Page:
5. Give Your Ego a Constructive Voice
After you have listened, and when it’s your turn to talk (“Finally!” says your ego), go back to Strategies #1 and #2. This conflict is an opportunity to move you forward to greater success. So, what are the ultimate objectives here?
Focusing on your ultimate goals will help you deliver constructive messages in as few words as possible. In most situations, you will be better off not diving into a point-by-point rebuttal of everything they just said. You might choose to respond to one or two items, or ask clarifying questions, or explore something they shared in more detail to deepen your understanding.
Another approach might be to simply acknowledge their sharing and then go straight to what you want to discuss.
You might respond with something like this: “I heard everything you just said, and I appreciate you sharing. What I would like to focus on is…” and then identify your top issue or concern.
At that point, you can give your ego its constructive voice. There is no ‘one-size’ formula for this, but there are some simple techniques you can try out. The idea, though, is to communicate your interests, needs, desired outcomes, and perhaps also your feelings and how you have been impacted by things the other person has said or done. It is vital to do this constructively.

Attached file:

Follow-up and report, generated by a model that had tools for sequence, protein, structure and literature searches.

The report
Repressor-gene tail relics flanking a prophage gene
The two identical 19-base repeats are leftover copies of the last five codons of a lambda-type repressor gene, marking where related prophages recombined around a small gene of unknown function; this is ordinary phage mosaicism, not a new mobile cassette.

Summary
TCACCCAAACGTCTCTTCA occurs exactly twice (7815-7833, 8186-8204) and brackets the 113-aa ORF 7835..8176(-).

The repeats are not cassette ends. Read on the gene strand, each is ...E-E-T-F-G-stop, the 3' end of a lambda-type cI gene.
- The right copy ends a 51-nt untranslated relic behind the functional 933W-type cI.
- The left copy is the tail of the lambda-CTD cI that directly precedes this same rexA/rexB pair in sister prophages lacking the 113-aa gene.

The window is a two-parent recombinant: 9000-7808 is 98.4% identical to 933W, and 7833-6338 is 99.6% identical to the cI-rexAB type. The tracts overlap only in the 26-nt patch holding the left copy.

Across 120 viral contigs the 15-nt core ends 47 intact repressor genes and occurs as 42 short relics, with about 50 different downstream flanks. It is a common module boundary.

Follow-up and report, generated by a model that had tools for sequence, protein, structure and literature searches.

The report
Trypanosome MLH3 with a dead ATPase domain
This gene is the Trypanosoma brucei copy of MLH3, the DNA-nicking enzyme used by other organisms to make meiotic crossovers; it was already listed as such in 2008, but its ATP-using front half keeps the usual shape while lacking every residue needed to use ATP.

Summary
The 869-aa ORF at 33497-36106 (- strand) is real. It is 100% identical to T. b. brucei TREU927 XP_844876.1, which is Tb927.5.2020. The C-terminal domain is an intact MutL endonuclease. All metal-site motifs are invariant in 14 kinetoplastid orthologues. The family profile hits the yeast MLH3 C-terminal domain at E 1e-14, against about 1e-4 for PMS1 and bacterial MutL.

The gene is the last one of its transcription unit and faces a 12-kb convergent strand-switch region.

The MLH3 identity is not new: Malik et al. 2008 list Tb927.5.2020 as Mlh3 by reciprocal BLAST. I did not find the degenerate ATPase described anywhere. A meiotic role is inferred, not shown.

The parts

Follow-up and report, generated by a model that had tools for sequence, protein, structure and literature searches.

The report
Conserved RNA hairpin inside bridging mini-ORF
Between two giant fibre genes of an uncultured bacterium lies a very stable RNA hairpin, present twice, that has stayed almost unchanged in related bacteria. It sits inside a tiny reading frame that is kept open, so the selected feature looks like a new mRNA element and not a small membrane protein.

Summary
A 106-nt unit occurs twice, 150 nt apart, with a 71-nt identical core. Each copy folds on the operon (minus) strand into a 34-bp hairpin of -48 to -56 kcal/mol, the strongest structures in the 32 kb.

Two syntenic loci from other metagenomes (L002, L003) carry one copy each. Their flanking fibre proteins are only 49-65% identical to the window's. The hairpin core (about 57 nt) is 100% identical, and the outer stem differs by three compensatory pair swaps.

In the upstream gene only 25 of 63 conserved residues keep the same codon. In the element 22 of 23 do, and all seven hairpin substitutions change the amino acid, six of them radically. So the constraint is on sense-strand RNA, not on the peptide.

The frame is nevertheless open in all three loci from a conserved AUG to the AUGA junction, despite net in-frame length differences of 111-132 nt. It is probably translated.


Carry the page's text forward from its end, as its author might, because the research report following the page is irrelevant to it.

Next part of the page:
An I-message is one way to constructively identify and communicate your needs, interests, and desires as well as explain how the other person’s words or actions may have impacted you.
Business Example: Suppose a business partner committed to a major new project without consulting you. This action caused delays in other projects, impacting client relationships. This has caused a severe rift in your business partnership. To add insult to injury, your partner never acknowledged their role in the entire affair, causing you much grief.
Using the I-Message, you might say something like, “When I found out you took on this project without consulting me, I felt really hurt, confused, and angry. We agreed at the outset that open communication and shared decision-making were part of our core values. I felt blindsided by this. It undermined our partnership and made it difficult to manage our workload from that point forward.”